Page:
Contract talks get underway today between the Writer’s Guild and Hollywood studios – and they could be contentious. The union has blasted an initial studio proposal to cut health and pension benefits. They say the cuts are unreasonable given the big jump in media company profits in the past few years. Writers are also objecting to proposed reductions in payment rates for screenplays and TV residuals. The negotiations are getting started three months before the expiration of the current deal in hopes of hammering out an agreement in time. The writers last went on strike in 2007.
A handful of local high schools picked up some nice academic honors this weekend. Traditional power El Camino Real won the “Super Quiz” portion of LAUSD’s Academic Decathlon, scoring 63 out of a possible 72 points in the game show-style contest. Edgewood High School in West Covina and Redondo Union High School tied for first place in the L.A. County Super Quiz. Meanwhile, Irvine’s University High won the JPL Regional Science Bowl, edging out runner-up Arcadia High School.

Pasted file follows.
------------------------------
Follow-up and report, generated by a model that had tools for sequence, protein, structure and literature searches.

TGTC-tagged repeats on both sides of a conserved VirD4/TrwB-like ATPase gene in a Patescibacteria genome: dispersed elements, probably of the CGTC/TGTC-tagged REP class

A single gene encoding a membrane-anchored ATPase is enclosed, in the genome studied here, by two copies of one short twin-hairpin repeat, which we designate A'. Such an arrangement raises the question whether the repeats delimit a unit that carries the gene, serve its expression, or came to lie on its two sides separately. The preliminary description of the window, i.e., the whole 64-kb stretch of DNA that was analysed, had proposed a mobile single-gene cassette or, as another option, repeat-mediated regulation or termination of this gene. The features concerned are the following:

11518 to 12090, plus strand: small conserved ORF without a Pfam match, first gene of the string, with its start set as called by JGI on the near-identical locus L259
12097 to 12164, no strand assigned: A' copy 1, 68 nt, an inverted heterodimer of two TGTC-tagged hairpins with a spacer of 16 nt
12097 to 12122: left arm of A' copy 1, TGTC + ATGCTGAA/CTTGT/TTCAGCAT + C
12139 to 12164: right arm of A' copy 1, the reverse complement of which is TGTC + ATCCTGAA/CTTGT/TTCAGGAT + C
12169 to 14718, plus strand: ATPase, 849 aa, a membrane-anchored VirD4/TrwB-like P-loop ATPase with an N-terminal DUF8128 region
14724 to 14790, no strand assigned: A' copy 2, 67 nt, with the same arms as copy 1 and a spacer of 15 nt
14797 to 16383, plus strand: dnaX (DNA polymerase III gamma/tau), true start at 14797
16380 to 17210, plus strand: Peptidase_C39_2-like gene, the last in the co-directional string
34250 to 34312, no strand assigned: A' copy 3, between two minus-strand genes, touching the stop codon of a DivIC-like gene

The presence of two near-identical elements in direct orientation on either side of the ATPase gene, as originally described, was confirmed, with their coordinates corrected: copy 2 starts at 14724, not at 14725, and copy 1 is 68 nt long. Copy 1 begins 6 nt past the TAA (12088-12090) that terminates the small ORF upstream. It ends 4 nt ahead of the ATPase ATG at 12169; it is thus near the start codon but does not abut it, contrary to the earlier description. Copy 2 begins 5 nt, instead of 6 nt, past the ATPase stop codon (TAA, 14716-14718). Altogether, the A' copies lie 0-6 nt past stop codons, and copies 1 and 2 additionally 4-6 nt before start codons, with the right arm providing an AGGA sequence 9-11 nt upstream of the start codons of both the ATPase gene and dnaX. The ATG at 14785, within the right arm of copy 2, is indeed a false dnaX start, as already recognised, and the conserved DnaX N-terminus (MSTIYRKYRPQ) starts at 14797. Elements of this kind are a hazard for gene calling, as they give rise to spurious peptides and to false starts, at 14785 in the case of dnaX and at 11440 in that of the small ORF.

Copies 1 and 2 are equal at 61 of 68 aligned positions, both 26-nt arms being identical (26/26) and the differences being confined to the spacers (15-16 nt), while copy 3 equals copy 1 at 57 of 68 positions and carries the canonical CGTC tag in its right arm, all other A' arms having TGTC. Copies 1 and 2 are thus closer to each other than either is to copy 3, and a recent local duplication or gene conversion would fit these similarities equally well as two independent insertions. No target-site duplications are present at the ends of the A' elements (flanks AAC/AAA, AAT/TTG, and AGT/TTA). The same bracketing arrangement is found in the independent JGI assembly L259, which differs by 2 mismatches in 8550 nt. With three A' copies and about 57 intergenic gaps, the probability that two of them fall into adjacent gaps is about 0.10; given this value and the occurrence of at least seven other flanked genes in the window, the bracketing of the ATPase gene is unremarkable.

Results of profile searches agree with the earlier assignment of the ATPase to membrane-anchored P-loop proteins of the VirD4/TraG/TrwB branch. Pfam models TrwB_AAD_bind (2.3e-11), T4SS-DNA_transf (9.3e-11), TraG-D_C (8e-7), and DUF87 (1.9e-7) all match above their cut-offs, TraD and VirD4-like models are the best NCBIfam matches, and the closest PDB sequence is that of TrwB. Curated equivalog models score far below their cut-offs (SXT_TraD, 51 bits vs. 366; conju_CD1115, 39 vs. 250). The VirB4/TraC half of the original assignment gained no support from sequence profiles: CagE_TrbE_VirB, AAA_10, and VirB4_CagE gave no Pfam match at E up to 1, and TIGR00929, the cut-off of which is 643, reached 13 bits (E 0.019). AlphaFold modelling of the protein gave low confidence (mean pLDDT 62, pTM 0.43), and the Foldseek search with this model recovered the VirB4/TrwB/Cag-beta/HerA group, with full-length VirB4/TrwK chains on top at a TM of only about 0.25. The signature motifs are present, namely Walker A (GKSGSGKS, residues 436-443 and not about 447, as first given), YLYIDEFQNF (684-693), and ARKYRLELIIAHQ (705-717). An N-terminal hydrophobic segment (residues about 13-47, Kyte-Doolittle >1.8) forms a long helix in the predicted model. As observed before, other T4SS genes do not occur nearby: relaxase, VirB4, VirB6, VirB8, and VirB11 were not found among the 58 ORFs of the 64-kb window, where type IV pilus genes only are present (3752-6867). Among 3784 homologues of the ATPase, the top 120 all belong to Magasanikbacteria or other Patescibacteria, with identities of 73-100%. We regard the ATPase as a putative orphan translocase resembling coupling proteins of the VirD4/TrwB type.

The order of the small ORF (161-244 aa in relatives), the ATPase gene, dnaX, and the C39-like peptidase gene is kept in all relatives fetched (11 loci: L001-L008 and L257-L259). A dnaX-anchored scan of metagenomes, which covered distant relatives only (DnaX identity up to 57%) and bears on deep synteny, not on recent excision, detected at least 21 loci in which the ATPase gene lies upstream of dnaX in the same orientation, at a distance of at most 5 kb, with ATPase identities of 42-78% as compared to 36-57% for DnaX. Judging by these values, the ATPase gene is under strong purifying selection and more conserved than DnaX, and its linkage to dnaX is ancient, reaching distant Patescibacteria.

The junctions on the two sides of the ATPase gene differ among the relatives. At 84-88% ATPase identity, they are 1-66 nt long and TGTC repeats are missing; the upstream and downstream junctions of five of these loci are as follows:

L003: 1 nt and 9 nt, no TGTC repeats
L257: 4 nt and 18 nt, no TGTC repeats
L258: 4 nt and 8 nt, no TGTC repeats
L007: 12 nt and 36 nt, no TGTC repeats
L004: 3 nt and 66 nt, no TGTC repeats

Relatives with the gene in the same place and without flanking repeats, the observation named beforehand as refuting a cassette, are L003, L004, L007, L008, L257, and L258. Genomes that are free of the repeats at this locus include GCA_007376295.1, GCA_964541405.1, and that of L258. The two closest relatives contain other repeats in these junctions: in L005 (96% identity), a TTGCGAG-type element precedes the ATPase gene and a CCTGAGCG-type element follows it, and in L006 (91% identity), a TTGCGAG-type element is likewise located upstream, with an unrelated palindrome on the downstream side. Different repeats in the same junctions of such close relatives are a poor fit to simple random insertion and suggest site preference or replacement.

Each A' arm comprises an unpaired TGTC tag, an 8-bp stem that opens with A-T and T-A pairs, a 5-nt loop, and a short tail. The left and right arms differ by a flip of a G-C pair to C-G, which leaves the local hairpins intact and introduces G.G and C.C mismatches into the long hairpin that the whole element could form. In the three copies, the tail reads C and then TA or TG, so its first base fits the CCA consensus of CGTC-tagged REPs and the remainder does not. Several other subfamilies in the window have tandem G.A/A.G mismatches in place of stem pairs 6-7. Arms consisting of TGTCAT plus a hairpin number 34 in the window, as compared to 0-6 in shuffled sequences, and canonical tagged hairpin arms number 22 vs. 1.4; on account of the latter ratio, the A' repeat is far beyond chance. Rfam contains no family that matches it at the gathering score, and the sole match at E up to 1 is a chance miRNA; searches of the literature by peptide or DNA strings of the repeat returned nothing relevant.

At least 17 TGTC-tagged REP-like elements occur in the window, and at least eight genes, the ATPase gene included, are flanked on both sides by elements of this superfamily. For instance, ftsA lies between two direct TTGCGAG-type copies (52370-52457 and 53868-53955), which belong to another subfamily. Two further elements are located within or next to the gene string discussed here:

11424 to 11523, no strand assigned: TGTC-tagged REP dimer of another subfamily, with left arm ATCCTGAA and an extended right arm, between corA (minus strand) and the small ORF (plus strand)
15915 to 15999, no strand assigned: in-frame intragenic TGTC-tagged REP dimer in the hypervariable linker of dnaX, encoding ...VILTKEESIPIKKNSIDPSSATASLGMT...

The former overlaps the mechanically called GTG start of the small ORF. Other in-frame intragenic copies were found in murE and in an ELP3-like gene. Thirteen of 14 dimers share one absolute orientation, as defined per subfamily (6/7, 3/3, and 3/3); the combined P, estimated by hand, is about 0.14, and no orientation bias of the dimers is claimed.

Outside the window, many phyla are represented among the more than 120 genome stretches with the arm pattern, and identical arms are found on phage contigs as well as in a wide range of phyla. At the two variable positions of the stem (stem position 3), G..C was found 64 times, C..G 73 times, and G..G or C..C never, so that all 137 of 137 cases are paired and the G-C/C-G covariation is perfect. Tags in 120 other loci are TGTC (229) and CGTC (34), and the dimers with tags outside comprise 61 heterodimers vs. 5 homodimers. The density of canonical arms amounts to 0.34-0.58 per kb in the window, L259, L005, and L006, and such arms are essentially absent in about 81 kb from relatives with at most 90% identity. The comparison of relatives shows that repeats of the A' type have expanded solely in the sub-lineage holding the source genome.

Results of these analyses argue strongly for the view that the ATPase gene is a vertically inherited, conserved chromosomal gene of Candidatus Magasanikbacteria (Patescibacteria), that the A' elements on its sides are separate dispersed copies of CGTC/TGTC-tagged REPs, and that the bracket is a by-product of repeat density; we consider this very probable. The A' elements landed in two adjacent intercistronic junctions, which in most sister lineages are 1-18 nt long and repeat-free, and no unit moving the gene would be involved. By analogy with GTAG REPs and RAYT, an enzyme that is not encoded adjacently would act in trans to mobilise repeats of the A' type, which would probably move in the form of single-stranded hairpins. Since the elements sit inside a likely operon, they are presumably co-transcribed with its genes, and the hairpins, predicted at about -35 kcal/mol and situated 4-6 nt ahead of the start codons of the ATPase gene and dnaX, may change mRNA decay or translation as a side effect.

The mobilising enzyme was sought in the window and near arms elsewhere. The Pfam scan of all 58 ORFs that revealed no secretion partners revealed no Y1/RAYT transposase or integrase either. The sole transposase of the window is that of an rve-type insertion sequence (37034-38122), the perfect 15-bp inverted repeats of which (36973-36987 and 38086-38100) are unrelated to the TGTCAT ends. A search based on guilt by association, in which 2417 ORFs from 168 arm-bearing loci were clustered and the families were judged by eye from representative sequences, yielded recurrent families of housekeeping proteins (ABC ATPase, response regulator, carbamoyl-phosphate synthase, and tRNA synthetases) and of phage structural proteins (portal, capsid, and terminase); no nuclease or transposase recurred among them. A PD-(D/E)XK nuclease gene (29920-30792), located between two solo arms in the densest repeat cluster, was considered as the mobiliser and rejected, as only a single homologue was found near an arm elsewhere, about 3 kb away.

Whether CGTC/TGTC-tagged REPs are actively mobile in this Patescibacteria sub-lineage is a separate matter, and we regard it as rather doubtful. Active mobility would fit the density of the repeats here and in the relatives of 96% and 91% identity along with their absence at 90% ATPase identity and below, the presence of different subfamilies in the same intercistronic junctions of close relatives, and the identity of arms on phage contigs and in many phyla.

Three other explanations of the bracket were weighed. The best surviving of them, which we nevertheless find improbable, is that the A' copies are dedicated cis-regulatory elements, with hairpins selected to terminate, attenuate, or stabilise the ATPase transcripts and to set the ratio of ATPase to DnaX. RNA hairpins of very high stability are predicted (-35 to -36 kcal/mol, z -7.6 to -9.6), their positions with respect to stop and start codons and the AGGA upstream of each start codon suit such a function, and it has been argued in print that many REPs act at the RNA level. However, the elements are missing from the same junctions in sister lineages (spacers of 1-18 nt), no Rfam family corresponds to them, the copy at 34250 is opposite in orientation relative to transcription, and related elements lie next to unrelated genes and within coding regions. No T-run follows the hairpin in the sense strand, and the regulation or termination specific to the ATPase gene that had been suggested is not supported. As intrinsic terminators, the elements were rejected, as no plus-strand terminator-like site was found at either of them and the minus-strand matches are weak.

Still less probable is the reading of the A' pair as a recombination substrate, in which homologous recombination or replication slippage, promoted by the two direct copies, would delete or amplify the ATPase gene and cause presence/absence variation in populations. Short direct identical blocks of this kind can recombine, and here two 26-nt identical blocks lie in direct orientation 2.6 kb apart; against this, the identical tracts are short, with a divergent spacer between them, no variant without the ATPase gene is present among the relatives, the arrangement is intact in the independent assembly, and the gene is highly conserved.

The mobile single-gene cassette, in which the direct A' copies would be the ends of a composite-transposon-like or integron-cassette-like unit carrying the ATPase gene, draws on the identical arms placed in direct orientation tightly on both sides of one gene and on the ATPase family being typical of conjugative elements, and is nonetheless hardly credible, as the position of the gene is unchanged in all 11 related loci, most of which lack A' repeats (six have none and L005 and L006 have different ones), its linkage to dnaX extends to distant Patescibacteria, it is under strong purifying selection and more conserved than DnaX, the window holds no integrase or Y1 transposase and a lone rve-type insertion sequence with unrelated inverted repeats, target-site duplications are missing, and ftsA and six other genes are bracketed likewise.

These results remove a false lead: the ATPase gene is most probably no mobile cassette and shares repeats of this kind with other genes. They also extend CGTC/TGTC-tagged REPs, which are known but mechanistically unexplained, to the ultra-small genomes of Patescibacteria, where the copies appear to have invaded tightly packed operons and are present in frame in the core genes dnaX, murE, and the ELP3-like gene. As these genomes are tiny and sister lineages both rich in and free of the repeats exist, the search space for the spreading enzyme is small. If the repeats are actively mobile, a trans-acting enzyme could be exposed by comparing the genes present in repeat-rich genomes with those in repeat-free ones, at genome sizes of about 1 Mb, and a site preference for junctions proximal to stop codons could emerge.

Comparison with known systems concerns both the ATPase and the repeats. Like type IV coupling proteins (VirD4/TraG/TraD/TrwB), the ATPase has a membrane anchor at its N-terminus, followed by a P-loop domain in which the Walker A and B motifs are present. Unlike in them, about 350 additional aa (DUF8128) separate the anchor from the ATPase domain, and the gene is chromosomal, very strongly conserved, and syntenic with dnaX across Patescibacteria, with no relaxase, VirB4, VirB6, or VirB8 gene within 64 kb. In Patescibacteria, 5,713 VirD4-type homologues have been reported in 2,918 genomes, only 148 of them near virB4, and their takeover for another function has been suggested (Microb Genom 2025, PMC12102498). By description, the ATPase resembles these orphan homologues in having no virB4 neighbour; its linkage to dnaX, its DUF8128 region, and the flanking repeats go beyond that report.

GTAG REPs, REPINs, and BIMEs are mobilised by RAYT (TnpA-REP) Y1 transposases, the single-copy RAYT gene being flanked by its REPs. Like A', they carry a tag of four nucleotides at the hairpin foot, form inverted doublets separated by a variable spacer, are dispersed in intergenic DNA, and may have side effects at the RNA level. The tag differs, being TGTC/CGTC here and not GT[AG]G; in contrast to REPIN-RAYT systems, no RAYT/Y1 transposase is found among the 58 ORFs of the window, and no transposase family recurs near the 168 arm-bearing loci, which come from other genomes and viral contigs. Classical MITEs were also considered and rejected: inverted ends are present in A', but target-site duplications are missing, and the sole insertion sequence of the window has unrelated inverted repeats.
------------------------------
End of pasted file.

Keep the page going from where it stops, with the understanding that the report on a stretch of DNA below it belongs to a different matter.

President Barack Obama is reportedly getting ready to follow up on a vow he made during his state of the Union address: to use his executive authority to act when Congress won’t. The Washington Post reports that Obama is preparing to designate areas in California and New Mexico off-limits to development unless Congress passes legislation to give those lands similar protections. In California, Obama wants to preserve 1,600 acres along the Central Coast known as the Point Arena-Stornetta Public Lands.
State game wardens say a homeless man has been bitten and clawed by a mountain lion in Riverside County He’s recovering at a hospital after undergoing emergency surgery. The state Department of Fish and Game says the man was camping near a highway west of Perris when he was mauled Saturday night. The man apparently didn’t know what attacked him, but puncture wounds and cuts to his body indicate he was mauled by a big cat. Officials are trying to track the animal.
And finally, there’s been a small boom in urban beekeeping in Los Angeles in recent years. People have been setting up hives in their backyards, both to harvest honey and to protect America’s wild bee population, which has declined in recent years. There’s just one problem. Residential beekeeping isn’t explicitly legal in Los Angeles. But that could soon change. The L.A City Council is expected to take up the issue as soon as tomorrow.